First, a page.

the redesigned 2020 bmw 3 series debuted at the paris motor show in october, but i got our first glance at the new m340i here at the 2018 los angeles auto show. up close, it looks like there are promising ways the new car makes a needed improvement on the previous generation.
the bmw 3 series was the champion of our challenge for luxury sports sedans in 2013 but slipped all the way to sixth place (out of seven contenders) when we retested the class in 2017. reasons for the plunge seem to have been addressed with the 3 series' redesign, starting with cabin quality.
in the m340i, the materials have taken a welcomed step forward with more consistency from front to back - there's no proliferating exposed plastics to be found by backseat passengers. the new sedan also improves passenger room with increased dimensions; it's 2.9 inches longer than the outgoing car. what was once a tight backseat now has plenty of leg- and headroom for my 5-foot-11-inch frame. the window height seems to have been increased, as well, resulting in clearer sight lines out of the vehicle. the moonroof has also been lengthened and should let more light into the cabin.
on the technology side, there are two new large screens up front: one for the gauge cluster, the other for the center stack. it's not quite the mercedes-benz setup where the two screens are touching, but there are only a few inches between the two. bmw's idrive system has come a long way in ease of use and responsiveness, so the presence of the latest iteration here is a plus.
on the outside, the m340i's kidney grille doesn't have vertical slats anymore, instead opting for a burst pattern with added dimension. the hood dips down farther into the grille, making the whole car appear lower and more aggressive - the standard m sport suspension for both rear- and all-wheel-drive versions helps, lowering the car by 0.4 inch.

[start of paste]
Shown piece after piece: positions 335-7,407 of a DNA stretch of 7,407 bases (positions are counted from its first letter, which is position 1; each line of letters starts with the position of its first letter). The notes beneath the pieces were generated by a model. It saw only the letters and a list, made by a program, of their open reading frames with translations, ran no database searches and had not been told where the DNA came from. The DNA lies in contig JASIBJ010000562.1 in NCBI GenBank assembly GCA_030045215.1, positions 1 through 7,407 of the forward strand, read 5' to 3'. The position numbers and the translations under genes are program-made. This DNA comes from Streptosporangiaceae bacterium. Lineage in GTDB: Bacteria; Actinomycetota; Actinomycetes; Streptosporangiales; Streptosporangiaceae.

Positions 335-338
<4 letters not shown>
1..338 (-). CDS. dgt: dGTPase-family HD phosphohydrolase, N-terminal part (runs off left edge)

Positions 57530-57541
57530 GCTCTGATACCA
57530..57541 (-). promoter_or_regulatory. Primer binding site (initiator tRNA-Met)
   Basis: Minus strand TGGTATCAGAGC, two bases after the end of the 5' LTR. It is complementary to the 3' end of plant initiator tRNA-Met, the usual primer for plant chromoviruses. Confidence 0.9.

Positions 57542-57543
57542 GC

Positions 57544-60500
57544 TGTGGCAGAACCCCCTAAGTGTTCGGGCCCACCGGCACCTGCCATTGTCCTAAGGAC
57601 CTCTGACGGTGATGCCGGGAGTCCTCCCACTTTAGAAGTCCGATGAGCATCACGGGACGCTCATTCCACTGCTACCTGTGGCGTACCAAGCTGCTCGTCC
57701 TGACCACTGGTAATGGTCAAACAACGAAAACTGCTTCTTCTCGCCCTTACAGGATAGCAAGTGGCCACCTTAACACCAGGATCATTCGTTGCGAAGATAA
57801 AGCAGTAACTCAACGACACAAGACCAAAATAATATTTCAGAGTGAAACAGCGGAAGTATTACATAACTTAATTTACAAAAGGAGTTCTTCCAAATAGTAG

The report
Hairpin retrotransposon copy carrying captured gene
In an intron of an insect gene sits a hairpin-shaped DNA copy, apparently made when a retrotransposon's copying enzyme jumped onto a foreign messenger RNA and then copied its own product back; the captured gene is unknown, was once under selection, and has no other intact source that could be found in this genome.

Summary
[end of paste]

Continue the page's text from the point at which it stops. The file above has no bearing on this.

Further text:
related: au revoir f30, bonjour g20: next-gen bmw 3 series bows in paris
these changes are all well and good, but it will have to drive better to be a contender in this class. the powertrain details are encouraging, and a lowered coefficient of drag makes this the most slippery 3 series ever. big updates to the suspension should help, too, which now feature standard sport suspension in what bmw calls lift-related dampers that reduce body dive when going over bumps or hard cornering; an optional adaptive suspension remains available. combine that with the m340i being the most powerful non-m 3 series ever made (382 horsepower, 369 pounds-feet of torque) and there's hope for bmw to once again lift the crown, which we'll know when we drive it closer to when the 2020 bmw m340i arrives at dealerships in the summer of 2019.
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